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The Life and Correspondence of Robert Southey
Robert Southey to Grosvenor C. Bedford, 1 January 1797

Vol. I Contents
Early Life: I
Early Life: II
Early Life: III
Early Life: IV
Early Life: V
Early Life: VI
Early Life: VII
Early Life: VIII
Early Life: IX
Early Life: X
Early Life: XI
Early Life: XII
Early Life: XIII
Early Life: XIV
Early Life: XV
Early Life: XVI
Early Life: XVII
Ch. I. 1791-93
Ch. II. 1794
Ch. III. 1794-95
Ch. IV. 1796
Ch. V. 1797
Vol. II Contents
Ch. VI. 1799-1800
Ch. VII. 1800-1801
Ch. VIII. 1801
Ch. IX. 1802-03
Ch. X. 1804
Ch. XI. 1804-1805
Vol. III Contents
Ch. XII. 1806
Ch. XIII. 1807
Ch. XIV. 1808
Ch. XV. 1809
Ch. XVI. 1810-1811
Ch. XVII. 1812
Vol. IV Contents
Ch. XVIII. 1813
Ch. XIX. 1814-1815
Ch. XX. 1815-1816
Ch. XXI. 1816
Ch. XXII. 1817
Ch. XXIII. 1818
Ch. XXIV. 1818-1819
Vol. IV Appendix
Vol. V Contents
Ch. XXV. 1820-1821
Ch. XXVI. 1821
Ch. XXVII. 1822-1823
Ch. XXVIII. 1824-1825
Ch. XXIX. 1825-1826
Ch. XXX. 1826-1827
Ch. XXXI. 1827-1828
Vol. V Appendix
Vol. VI Contents
Ch. XXXII. 1829
Ch. XXXIII. 1830
Ch. XXXIV. 1830-1831
Ch. XXXV. 1832-1834
Ch. XXXVI. 1834-1836
Ch. XXXVII. 1836-1837
Ch. XXXVIII. 1837-1843
Vol. VI Appendix
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“Jan. 1. 1797

“So, Bedford, begins the year that will terminate our correspondence. I mean to spend one summer in North Wales, studying the country for Madoc, and do not intend writing to you then, because you shall be with me. And for all the rest of the days I look on to clearly, the view is bounded by the smoke of London. Methinks, like Camoens, I could dub it Babylon, and write lamentations for the ‘Sion’ of my birth-place, having, like him, no reason to regret the past, except that it is not the present; it is the country I want. A field thistle is to me worth all the flowers of Covent Garden.

“However, Bedford, happiness is a flower that will blossom anywhere; and I expect to be happy, even in London. You know who is to watch at my gate; and if he will let in any of your club, well and good.

“Time and experience seem to have assimilated us: we think equally ill of mankind, and from the complexion of your last letters, I believe you think as badly as I do of their rulers. I fancy you are mounted above the freezing point of aristocracy, to the temperate degree where I have fallen. . . . . Methinks, Grosvenor, the last two years have made me the
elder; but you know I never allow the aristocracy of years.

“I have this day finished my Letters, and now my time is my own,—my ‘race is run;’ and perhaps the next book of mine which makes its appearance will be my ‘posthumous works!’. . . . I must be on the Surrey side of the water; this will suit me and please you. I am familiar with the names of your club,—shall I ever be so with themselves? Naturally of a reserved disposition, there was a considerable period of my life in which high spirits, quick feelings, and principles enthusiastically imbibed, made me talkative;—experience has taught me wisdom, and I am again as silent, as self-centering as in early youth.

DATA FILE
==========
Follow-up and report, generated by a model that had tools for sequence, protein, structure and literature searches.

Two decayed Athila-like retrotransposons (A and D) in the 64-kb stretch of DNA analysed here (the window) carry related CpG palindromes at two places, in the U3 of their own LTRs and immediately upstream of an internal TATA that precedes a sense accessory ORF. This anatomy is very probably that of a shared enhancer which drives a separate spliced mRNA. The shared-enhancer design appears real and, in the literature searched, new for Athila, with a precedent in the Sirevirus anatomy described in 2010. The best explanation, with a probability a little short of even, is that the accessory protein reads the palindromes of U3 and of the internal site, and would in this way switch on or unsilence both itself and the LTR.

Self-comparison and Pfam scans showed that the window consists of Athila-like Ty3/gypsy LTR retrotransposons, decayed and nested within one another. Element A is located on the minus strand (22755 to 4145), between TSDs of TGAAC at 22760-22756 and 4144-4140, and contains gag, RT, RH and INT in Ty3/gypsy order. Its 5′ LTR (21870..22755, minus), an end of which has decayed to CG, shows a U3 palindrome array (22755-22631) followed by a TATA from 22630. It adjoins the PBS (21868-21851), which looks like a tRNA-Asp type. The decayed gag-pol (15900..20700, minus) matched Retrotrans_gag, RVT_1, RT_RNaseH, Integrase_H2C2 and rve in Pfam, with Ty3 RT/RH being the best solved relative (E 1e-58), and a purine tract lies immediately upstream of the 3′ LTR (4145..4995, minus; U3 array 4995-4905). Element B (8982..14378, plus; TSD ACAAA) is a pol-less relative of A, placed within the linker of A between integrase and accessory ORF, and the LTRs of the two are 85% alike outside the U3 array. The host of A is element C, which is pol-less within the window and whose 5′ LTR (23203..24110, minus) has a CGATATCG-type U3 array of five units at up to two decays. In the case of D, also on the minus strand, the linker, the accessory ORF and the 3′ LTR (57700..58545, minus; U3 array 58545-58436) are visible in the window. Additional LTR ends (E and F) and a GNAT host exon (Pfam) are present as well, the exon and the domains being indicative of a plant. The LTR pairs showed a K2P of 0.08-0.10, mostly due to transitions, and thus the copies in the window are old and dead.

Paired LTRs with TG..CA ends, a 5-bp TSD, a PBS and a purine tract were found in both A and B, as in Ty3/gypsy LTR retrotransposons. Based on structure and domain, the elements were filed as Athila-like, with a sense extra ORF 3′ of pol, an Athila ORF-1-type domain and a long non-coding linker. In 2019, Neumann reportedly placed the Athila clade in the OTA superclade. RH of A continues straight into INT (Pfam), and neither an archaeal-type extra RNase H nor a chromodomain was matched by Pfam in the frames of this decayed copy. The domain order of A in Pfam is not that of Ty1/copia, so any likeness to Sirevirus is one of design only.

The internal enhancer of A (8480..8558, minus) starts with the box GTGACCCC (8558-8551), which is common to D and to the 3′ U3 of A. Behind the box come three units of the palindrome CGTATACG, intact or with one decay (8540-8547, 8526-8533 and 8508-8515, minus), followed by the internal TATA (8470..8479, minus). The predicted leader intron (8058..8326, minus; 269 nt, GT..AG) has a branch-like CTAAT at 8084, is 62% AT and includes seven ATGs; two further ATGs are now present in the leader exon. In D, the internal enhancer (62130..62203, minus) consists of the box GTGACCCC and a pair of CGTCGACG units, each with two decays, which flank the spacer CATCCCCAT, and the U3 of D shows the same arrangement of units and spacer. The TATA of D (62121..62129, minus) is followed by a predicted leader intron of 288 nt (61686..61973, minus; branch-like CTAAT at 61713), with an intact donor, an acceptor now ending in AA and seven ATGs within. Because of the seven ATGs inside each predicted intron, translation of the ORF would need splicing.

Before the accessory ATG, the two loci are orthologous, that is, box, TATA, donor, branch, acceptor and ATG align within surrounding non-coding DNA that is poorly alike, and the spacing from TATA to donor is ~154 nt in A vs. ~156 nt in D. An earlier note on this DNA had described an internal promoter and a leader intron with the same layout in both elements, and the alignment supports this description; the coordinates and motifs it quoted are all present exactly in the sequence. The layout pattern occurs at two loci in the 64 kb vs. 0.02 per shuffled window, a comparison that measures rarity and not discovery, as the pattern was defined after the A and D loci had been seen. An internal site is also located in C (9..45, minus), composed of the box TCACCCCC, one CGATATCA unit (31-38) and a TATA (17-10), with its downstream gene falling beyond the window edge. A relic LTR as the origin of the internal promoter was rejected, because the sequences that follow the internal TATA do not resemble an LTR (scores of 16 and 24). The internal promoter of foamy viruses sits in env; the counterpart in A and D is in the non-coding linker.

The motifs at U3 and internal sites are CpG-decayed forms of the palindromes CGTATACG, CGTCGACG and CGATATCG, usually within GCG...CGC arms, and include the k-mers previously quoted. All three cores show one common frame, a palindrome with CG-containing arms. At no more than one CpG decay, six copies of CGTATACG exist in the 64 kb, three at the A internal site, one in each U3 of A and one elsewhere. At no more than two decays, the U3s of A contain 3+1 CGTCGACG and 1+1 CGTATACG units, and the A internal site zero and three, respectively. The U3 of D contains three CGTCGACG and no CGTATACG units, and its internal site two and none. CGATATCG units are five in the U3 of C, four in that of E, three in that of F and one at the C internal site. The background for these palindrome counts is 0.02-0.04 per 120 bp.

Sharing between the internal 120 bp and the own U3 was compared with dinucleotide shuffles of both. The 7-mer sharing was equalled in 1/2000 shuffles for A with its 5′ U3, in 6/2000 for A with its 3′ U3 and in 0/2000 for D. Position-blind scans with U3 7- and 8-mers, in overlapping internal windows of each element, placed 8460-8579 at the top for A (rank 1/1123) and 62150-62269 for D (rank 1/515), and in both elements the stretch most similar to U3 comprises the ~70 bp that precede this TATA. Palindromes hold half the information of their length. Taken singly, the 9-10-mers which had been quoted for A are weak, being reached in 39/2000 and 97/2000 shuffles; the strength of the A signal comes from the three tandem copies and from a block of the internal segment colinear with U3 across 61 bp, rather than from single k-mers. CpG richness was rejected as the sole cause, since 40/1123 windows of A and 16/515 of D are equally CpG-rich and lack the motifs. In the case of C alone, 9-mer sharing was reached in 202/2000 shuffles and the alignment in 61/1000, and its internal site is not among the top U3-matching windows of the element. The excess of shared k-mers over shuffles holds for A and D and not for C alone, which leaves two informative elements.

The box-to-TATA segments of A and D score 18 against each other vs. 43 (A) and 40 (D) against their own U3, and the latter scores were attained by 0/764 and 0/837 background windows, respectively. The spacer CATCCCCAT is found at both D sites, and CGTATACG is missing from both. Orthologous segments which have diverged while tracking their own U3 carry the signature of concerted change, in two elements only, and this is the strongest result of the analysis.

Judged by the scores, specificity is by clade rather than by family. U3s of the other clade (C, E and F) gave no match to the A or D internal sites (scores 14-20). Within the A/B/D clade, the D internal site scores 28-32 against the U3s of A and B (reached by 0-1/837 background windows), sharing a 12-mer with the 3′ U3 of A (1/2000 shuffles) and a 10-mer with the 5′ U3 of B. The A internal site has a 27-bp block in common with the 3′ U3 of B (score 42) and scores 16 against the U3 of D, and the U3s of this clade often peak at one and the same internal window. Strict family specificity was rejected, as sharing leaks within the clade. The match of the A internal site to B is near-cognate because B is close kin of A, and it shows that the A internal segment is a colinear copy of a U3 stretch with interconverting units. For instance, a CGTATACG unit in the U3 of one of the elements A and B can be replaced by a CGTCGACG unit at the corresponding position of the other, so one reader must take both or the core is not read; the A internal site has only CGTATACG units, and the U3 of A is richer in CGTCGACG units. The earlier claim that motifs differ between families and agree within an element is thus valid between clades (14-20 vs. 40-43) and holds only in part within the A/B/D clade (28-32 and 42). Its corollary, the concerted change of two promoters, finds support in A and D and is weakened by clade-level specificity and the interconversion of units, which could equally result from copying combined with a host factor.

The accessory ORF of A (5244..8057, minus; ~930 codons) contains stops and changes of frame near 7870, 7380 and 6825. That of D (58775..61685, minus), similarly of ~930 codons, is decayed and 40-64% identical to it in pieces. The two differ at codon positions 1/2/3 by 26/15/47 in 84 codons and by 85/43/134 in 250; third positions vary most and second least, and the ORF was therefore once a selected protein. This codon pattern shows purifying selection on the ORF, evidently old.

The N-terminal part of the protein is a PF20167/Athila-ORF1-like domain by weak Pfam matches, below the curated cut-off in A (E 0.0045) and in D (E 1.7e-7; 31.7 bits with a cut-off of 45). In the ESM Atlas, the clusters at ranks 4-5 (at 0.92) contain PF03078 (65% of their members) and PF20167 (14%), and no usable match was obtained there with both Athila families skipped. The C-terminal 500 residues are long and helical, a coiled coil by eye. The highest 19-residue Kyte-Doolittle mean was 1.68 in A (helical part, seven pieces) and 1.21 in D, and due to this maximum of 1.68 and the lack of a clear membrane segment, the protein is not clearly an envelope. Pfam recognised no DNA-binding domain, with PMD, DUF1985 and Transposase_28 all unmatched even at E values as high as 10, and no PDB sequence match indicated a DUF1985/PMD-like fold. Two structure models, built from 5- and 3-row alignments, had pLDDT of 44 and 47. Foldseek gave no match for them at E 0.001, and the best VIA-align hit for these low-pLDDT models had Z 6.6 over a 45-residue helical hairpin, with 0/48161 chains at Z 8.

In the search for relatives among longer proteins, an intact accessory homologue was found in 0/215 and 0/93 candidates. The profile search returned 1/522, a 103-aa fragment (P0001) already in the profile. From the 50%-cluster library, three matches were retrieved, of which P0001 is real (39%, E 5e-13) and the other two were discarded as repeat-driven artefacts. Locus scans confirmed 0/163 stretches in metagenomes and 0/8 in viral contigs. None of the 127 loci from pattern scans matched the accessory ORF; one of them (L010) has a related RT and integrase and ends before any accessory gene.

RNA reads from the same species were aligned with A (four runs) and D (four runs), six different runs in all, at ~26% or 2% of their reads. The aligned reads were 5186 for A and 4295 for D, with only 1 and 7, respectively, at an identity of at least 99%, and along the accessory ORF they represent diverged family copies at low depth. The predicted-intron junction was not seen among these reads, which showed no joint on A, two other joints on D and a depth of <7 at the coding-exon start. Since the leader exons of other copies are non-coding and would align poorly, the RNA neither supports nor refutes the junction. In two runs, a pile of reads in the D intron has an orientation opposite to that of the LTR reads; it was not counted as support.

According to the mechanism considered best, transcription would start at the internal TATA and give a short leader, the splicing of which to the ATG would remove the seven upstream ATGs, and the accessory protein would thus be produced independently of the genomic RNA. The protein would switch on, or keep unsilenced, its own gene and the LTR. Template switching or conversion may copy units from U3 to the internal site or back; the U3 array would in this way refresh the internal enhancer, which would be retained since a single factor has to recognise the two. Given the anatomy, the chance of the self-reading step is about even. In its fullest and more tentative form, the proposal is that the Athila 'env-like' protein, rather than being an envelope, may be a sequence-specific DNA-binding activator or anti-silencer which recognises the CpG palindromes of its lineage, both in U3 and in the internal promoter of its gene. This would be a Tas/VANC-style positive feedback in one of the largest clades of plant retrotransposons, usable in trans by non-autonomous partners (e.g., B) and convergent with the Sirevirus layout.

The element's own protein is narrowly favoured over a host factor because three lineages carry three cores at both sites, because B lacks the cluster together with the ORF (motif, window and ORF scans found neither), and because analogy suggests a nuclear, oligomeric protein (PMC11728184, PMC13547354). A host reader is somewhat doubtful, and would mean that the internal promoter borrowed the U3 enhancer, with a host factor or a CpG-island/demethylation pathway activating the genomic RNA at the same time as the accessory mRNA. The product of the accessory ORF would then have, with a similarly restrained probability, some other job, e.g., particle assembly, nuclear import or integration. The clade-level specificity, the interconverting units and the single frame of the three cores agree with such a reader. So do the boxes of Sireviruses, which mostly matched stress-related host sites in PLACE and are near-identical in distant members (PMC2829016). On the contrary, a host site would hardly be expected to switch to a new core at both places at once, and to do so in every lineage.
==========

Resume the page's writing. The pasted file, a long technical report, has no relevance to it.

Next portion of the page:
“After the nine hours’ law study, I shall have a precious fragment of the day at my own disposal; now, Grosvenor, I must be a miser of time, for I am just as sleepy a fellow as you remember me at Brixton. You see I am not collected enough to write,—this plaguy cough interrupts me, and shakes all the ideas in my brain out of their places.

“Jan. 7.

“A long interval, Grosvenor, and it has not been employed agreeably. I have been taken ill at Bristol. . . . . I was afraid of a fever. . . . . a giddiness of head, which accompanied the seizure, rendered me utterly unfit for anything. I was well nurst, and am well. . . . . When I get to London I have some comfortable plans; but much depends on the likeability of your new friends: you say you have en-
Ætat. 23. OF ROBERT SOUTHEY. 301
gaged some of them to meet me: now if you taught them to expect anything in me, they must owe their disappointment to you. Remember that I am as reserved to others as I am open to you. You have seen a hedgehog roll himself up when noticed, even so do I shelter myself in my own thoughts. . . . .

“I have sketched out a tragedy on the martyrdom of Joan of Arc, which is capable of making a good closet drama. My ideas of tragedy differ from those generally followed; there is seldom nature enough in the dialogue. Even Shakespeare gets upon the stilts sometimes; the dramatist ought rather to display a knowledge of the workings of the human heart than his own imagination; high strained metaphor can rarely be introduced with propriety—similes never.—Do you think I shall strip tragedy of all its ornaments? this, time must discover. Yet look on the dramatic parts of Joan of Arc; they are the best;—the dialogue is impassioned, but it is natural. John Doe and Richard Roe must, however, form the chief personages in the last act of my life. Grosvenor, will it be a tragedy or a comedy? However, I will not now think of the catastrophe, but rather look on to the pleasant scenes when we shall meet. Fare you well. . . . .

Yours affectionately,
R. S.”